James and Bosh is more orthodox, but deceptively so. It would give LeBron someone really skilled, and dynamic, to hit, feed, or set up near the basket, which would also obviate the King's much-noted lack of a post game. This is the kind of partnership that would instantly streamline, and take a lot of the rough, desperate edges off of James that have been interpreted as hubris or stagnation. The only problem, if this even is one, is that James is a one-man fastbreak, so Bosh's ability to run the floor wouldn't really matter much. Oh well. This team in the half-court would be like two tigers filled with dynamite, strapped to circling sharks, just waiting to explode and turn the sharks into ghost-sharks that would live forever and steal our daughters. I think that is a much more concrete dream for the Cavs than the Bron/James basketball orgasm whose name can barely be spoken.
Amare and Howard are, despite my doctrinary commitment to these two, lesser players. And it is not without irony that I not how cleanly this pair splits the euphoria outlined in those Wade and Bosh scenarios. From a style, swagger, and all-out ridiculousness perspective, Stoudemire and LeBron would be a joy to see together. If there's one thing James really lacks, it's a consistent sense of personality and, well, style, beyond that of history-making agent who both dutifully oversee and is in thrall to his own outsized importance in basketball. Amare, as we all know, is a one-way player, but could be a major influence—whether good or bad—when it came to unlocking a little more energy, and non-business-like vitality, in LeBron (some of which, it should be said, we saw in the Olympics). I'm not quite sure how to approch this from a basketball perspective: They are pretty similar physically; Amare has maybe an inch on LeBron, James's less svelte. But–and maybe this is my Amare fandom speaking—I can't imagine that James wouldn't welcome a chance to play with Stoudemire, who would detonate on command near the basket, as well as draw defenders from all over with his ability to slash like a forward (Note: he's better at that than Garnett ever was).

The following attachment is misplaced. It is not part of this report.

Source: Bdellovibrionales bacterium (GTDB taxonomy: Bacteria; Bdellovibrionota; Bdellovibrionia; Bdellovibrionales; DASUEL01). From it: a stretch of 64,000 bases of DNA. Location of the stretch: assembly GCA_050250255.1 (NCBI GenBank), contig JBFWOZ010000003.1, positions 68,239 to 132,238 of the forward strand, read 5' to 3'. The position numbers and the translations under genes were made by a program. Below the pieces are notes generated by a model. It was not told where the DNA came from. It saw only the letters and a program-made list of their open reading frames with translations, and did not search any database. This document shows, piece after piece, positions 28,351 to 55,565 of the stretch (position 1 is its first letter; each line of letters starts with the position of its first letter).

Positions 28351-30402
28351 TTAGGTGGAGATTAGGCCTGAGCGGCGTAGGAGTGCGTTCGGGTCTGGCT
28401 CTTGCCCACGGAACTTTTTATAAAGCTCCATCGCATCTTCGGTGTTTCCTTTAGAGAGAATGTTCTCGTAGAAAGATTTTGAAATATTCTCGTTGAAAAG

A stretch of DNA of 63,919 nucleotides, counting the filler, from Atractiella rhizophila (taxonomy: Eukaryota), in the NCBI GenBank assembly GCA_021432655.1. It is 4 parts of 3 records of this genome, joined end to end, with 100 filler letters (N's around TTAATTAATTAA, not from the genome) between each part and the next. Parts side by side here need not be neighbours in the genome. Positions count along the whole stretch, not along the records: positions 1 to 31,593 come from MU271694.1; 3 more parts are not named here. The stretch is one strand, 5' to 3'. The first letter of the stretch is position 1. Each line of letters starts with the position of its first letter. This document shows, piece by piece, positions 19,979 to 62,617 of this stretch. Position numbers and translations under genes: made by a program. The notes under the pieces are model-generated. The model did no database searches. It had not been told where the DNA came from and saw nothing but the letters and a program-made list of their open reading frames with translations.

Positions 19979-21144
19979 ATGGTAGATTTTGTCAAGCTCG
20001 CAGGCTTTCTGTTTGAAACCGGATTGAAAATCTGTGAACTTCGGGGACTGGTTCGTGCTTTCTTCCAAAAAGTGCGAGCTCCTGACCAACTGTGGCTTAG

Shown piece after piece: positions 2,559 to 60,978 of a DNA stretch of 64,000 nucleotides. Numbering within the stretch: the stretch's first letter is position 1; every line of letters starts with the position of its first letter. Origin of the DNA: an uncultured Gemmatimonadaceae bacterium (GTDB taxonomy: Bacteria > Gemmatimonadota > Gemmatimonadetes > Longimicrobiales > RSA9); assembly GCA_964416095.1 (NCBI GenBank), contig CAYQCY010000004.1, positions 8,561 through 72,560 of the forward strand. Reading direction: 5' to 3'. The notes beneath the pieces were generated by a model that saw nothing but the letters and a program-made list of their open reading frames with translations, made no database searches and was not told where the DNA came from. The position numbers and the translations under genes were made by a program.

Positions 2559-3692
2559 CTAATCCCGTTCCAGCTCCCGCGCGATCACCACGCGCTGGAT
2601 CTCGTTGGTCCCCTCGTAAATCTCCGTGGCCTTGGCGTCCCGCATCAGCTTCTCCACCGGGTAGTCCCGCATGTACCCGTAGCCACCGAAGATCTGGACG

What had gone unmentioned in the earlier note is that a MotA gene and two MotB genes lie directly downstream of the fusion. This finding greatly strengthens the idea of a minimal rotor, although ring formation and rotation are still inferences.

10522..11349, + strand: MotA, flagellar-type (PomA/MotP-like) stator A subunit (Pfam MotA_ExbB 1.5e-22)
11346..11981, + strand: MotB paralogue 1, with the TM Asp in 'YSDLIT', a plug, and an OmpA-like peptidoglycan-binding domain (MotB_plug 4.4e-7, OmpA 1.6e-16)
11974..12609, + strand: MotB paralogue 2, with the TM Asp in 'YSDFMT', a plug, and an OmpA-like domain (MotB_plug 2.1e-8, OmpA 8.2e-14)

Josh Howard, recent difficulties aside, is three things: An offensive threat who, unless he's being meticulously placed by Jason Kidd, can score from all over, and a disruptive defensive presence who is kind of like Shawn Marion as a shooting guard. A more modest triumph than one of these other guys would be, and yet exactly the kind of player's player who LeBron knows the true value of. This doesn't conjure up images of a 2-on-5 stampede like the other combination do, but Howard might not bring max money, and, if there's one other decent, reasonably paid player on that roster (Mo Williams, maybe), would provide the Cavs with an excellent nucleus that wouldn't shackle LeBron or make us alternately feel bad for him and despise him for an awfully uninspired way of doing business. Good players make superstars better, usually, and Howard is one of those players. However, this one is getting way too caught up in the realm of the real, and forcing me to try and think of offensive schemes that aren't metaphors for AP Physics, so we'll stop this one here.
So let this be a celebration of basketball. Basketball that may never be, but that, on the heels of the Olympics, is a possible landing zone for the Redeem Team's staggering, but to me ultimately kind of wasted and meaningless, explosion of style, action, and consequence. Let us be as one, even if nothing comes of this and the Cavs move to Iraq. This is the new fantasy basketball, and I plan to be at its center. I love everyone.